Mike Joyce

What have the rhythm section been up to since The Smiths?

Postby Still Ill » Tue Jun 07, 2005 7:49 am

Thought anyone out there in Smithdom would be interested in reading this recent article in the Manchester Metro News about Mike. I've always been a fan of his....
<a href='http://www.metronews.co.uk/magazine/article/0/625_mike_joyce_a_vinny_peculiar_practice.htm' target='_blank'>here</a>

Thought this was interesting (on Johnny) from the same interview:
"I saw Johnny at Mani's (Stone Roses bass player) 40th last year. He said hello and I said hello back, and that was it," he recalls.
Last edited by Still Ill on Tue Jun 07, 2005 7:53 am, edited 1 time in total.
User avatar
Still Ill
Smiths Nut!
 
Posts: 2154
Joined: Sat May 08, 2004 4:14 am
Location: California

Postby tallulahtaurus » Tue Jun 07, 2005 10:29 am

apparently that article doesn't exist....how sad that they just say hello and walk away...<!--emo&:(-->Image<!--endemo--> i guess it is only to be expected tho, i am suprised johnny spoke!!
<span style='color:purple'>Romantic and square is hip and aware - J.M.

Talent borrows genius steals

Gasping dying but somehow still alive this is the fierce last stand of all I am</span>
tallulahtaurus
Smiths Nut!
 
Posts: 410
Joined: Tue Sep 07, 2004 11:46 pm

Postby Still Ill » Wed Jun 08, 2005 6:36 am

Ah crap, here it is:

Mike Joyce: A Vinny Peculiar Practice

THERE'S a few familiar faces in Vinny Peculiar's backing band.

With Mike Joyce on drums, Andy Rourke on bass, and Craig Gannon - who played briefly alongside Johnny Marr in 1986 - on guitar, you could be forgiven for seeing this as the Smiths reunion that never was. Unsurprisingly, that is not how Mike sees it.

"The reason me and Andy started working with him is because we went to see him and liked it. The Smiths side had nothing to do with it," he said.

"We got Craig in because we needed a second guitarist. The one thing that put us off was the idea people would think it had anything to do with The Smiths, because it didn't. He's in the band because he's a good guitarist and a good lad."

Things have been far from quiet for Mike since The Smiths broke up in 1987. His CV reads like a Who's Who of punk legends, and he has enjoyed stints with The Buzzcocks, Julian Cope and Public Image Limited, featuring John Lydon and ex-Magazine and Siouxsie And The Banshees guitarist John McGeoch.

But although this may have seemed like a crowning achievement for the Chorlton-on-Medlock lad brought up on punk, Mike seems more excited about his latest project.

He said: "The reason I got excited playing with Johnny Rotten was because I was playing with Johnny Rotten. It was the same with The Buzzcocks - I started playing drums because I'd seen them in Manchester in 78.

"These were the bands I was dancing about to as a kid, so playing with them was a massive buzz.

"For me it almost felt like karaoke, or like I was in a covers band, but with this we're trying to create something from scratch. It's a bit more interesting with Vinny Peculiar, we're trying to create something that'll become legendary."

Mike said he wasn't interested in getting involved with a new band when his old mate Andy told him about a gig they should go and see. The concert, at the city centre's Star And Garter venue, featured Vinny Peculiar playing guitar and singing on his own. Mike was impressed with someone having the bottle to get up on stage without a backing band, and also became "a big fan" of the singer's unusual style. He discovered Vinny Peculiar had been around for years without a full time band, even supporting artists like Nils Lofgren and Jools Holland. The former Smiths' rhythm section began working with him last year as a full time fixture, and more members were added.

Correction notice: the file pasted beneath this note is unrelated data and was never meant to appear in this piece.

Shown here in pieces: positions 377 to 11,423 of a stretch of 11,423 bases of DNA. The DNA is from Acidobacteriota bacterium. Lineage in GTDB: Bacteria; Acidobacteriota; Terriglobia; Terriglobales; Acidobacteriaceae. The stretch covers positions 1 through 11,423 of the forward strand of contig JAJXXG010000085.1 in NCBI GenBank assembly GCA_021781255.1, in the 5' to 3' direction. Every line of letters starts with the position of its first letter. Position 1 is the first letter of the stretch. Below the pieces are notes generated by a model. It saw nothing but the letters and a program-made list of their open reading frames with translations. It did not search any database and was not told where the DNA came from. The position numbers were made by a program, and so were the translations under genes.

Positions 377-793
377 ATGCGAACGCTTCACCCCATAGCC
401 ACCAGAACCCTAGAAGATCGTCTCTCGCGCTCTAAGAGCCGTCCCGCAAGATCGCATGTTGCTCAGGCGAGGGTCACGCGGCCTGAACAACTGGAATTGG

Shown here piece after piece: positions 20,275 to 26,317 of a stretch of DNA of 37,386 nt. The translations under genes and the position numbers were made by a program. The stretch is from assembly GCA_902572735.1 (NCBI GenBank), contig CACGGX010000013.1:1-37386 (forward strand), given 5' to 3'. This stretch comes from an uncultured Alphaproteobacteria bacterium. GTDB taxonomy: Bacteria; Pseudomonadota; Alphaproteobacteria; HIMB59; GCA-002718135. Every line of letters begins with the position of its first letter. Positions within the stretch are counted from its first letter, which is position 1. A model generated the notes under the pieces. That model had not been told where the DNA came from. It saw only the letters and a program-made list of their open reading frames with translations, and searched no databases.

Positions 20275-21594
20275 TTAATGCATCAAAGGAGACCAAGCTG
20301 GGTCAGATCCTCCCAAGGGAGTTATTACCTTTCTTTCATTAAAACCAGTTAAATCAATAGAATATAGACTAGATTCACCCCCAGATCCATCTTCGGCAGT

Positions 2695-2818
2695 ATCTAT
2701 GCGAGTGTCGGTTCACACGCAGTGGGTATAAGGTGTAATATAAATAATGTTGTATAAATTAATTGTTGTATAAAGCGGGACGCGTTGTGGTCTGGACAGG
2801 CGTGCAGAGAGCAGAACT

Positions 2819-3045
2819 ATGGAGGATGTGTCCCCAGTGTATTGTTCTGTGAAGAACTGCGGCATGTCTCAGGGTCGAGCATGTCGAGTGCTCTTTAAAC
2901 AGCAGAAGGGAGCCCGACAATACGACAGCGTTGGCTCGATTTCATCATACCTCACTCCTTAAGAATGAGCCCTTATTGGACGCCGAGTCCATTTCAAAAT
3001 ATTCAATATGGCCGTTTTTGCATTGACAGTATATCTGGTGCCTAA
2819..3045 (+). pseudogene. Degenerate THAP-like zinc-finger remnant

After touring Ireland last year, and supporting bands like The Killers and British Sea Power, they are releasing a single next week and have a series of UK dates lined up over the summer.

Mike described what struck him about the singer: "His songs are really interesting. They're almost like stories with a beginning, middle and end. It's not just `here's the uplifting chorus you're supposed to sing along to'.

"There's humour in his lyrics but it's not custard pie humour, it's real pathos. There's a bit of Morrissey in there."

The Smiths legend turned sour in the 90s when Mike sued Morrissey for lost royalties, claiming the singer held the band's purse strings, giving him and Andy a much smaller share of the profits. High Court Judge Weeks found in the drummer's favour. Apart from on one brief occasion, Mike has not spoken to the singer, or to Johnny Marr, since the court case, and says that is a state of affairs he is very happy with.

"I saw Jonny at Mani's (Stone Roses bass player) 40th last year. He said hello and I said hello back, and that was it," he recalls.

"That'll do for me. I don't want some big reunion where we sit down and talk about the old days."

Vinny Peculiar and the band play The Bierkeller on June 17. The single is out now.
by Conrad Astley


***********
Couldn't he name the single that's out now? Crappy journalism!
I was struck by the fact that they supported The Killers and BSP!
User avatar
Still Ill
Smiths Nut!
 
Posts: 2154
Joined: Sat May 08, 2004 4:14 am
Location: California


Return to Rourke and Joyce

Who is online

Users browsing this forum: No registered users and 1 guest

cron